In a French study published in PLOS Medicine, of 72,685 drivers involved in serious motor vehicle accidents, 27% had taken at least one prescribed medicine the day of the crash. Drivers that had taken more serious drugs, including antihypertensives, diabetes drugs, opioids and antidepressants were at a higher risk of being responsible for a motor vehicle crash than drivers taking less serious prescription drugs. The Wall Street Journal
pointed out that the study did not take into account non-compliance in prescriptions; folks that were supposed to be taking the medication, but were not. Nevertheless, the study is instructive to Massachusetts drivers.
The study’s conclusion was that “the use of prescription medicines is associated with a substantial number of road traffic crashes,” especially with more serious medications. The study discusses the fact that throughout the world, over 1.3 million people die each year on the roads; 90% of those people are in developing countries. The scientists undertaking the study point out that it is the side effects, such as impairment, of prescription medications that need to be addressed.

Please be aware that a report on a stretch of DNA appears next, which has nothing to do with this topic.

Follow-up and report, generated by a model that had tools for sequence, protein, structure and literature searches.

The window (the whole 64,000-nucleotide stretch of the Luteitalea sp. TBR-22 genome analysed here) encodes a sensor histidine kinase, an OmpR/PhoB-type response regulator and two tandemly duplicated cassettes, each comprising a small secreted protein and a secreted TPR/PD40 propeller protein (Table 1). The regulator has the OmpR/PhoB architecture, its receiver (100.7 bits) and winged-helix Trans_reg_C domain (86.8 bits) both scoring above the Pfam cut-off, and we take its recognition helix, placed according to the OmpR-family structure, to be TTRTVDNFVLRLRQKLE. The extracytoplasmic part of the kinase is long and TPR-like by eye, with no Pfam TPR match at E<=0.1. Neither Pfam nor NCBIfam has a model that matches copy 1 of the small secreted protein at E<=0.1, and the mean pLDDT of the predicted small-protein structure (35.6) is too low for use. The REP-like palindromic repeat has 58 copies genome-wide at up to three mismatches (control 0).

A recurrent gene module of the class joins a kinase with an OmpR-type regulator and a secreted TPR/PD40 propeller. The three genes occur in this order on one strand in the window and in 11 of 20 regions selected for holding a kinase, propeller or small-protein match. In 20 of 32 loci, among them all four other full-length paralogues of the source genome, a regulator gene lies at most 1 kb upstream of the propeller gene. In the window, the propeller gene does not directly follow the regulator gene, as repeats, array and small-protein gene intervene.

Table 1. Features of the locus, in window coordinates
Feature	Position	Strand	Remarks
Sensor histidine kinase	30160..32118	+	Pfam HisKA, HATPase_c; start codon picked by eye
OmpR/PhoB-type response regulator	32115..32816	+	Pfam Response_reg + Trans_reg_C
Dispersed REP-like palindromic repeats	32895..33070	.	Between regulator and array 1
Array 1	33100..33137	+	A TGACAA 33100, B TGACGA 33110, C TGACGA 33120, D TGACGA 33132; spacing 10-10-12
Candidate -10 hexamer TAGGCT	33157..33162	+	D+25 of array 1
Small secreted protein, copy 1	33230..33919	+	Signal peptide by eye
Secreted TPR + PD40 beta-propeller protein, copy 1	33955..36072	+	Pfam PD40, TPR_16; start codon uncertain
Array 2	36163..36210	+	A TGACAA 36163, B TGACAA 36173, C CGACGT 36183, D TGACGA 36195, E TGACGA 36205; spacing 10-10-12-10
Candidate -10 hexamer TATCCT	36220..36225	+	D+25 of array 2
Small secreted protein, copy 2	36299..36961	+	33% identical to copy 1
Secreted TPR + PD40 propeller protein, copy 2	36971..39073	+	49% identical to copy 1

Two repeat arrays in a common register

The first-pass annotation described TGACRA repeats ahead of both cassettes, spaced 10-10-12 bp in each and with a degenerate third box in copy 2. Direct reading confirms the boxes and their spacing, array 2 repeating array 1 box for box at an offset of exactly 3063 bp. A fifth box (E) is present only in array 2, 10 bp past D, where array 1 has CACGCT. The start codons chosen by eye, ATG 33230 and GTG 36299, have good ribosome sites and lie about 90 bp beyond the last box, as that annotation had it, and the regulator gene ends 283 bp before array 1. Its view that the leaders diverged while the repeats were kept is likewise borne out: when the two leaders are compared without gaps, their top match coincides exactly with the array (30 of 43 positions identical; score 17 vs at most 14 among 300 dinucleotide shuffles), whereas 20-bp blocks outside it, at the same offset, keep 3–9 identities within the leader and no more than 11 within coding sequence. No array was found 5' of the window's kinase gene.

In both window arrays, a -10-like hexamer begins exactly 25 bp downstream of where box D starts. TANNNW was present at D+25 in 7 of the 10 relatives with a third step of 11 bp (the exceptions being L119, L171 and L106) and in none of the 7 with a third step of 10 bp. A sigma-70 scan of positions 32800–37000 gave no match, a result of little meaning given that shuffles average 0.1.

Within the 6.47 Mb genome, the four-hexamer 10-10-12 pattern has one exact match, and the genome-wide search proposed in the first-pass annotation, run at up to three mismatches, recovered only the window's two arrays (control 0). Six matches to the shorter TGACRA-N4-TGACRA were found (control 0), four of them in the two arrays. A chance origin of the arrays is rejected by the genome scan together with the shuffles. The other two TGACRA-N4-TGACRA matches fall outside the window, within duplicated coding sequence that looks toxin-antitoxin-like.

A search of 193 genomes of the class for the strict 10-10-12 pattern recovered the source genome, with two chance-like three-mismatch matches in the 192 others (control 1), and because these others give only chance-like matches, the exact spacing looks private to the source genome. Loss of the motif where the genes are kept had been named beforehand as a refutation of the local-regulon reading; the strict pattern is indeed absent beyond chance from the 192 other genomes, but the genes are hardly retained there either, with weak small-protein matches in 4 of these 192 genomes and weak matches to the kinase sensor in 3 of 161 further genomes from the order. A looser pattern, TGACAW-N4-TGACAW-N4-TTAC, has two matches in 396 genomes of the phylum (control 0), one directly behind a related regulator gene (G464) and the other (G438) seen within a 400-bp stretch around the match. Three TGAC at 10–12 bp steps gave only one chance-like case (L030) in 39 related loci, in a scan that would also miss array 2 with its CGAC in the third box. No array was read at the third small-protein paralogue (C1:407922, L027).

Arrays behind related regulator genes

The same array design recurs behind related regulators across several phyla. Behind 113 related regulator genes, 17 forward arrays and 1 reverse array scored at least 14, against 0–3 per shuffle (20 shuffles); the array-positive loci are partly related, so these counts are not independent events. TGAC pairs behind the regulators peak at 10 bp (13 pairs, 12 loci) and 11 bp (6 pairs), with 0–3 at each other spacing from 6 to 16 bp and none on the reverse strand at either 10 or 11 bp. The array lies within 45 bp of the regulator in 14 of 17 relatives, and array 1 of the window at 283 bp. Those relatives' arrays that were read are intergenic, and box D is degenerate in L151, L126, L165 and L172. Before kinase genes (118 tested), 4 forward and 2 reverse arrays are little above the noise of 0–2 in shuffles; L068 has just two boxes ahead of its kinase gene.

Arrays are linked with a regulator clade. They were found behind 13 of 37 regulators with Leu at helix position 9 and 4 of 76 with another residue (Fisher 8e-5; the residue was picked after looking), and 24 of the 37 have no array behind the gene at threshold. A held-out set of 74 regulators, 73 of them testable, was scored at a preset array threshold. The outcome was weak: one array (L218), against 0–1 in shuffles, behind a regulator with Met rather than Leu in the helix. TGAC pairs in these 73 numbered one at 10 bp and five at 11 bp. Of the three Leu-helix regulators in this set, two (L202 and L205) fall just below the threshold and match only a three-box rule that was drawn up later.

One thing we notice is that the French study was possible because the researchers had access not only to the national police database, but the national health care database. It is not clear if such as study could be undertaken in the United States because of privacy laws, such as HIPAA, the Health Insurance Portability and Accountability Act.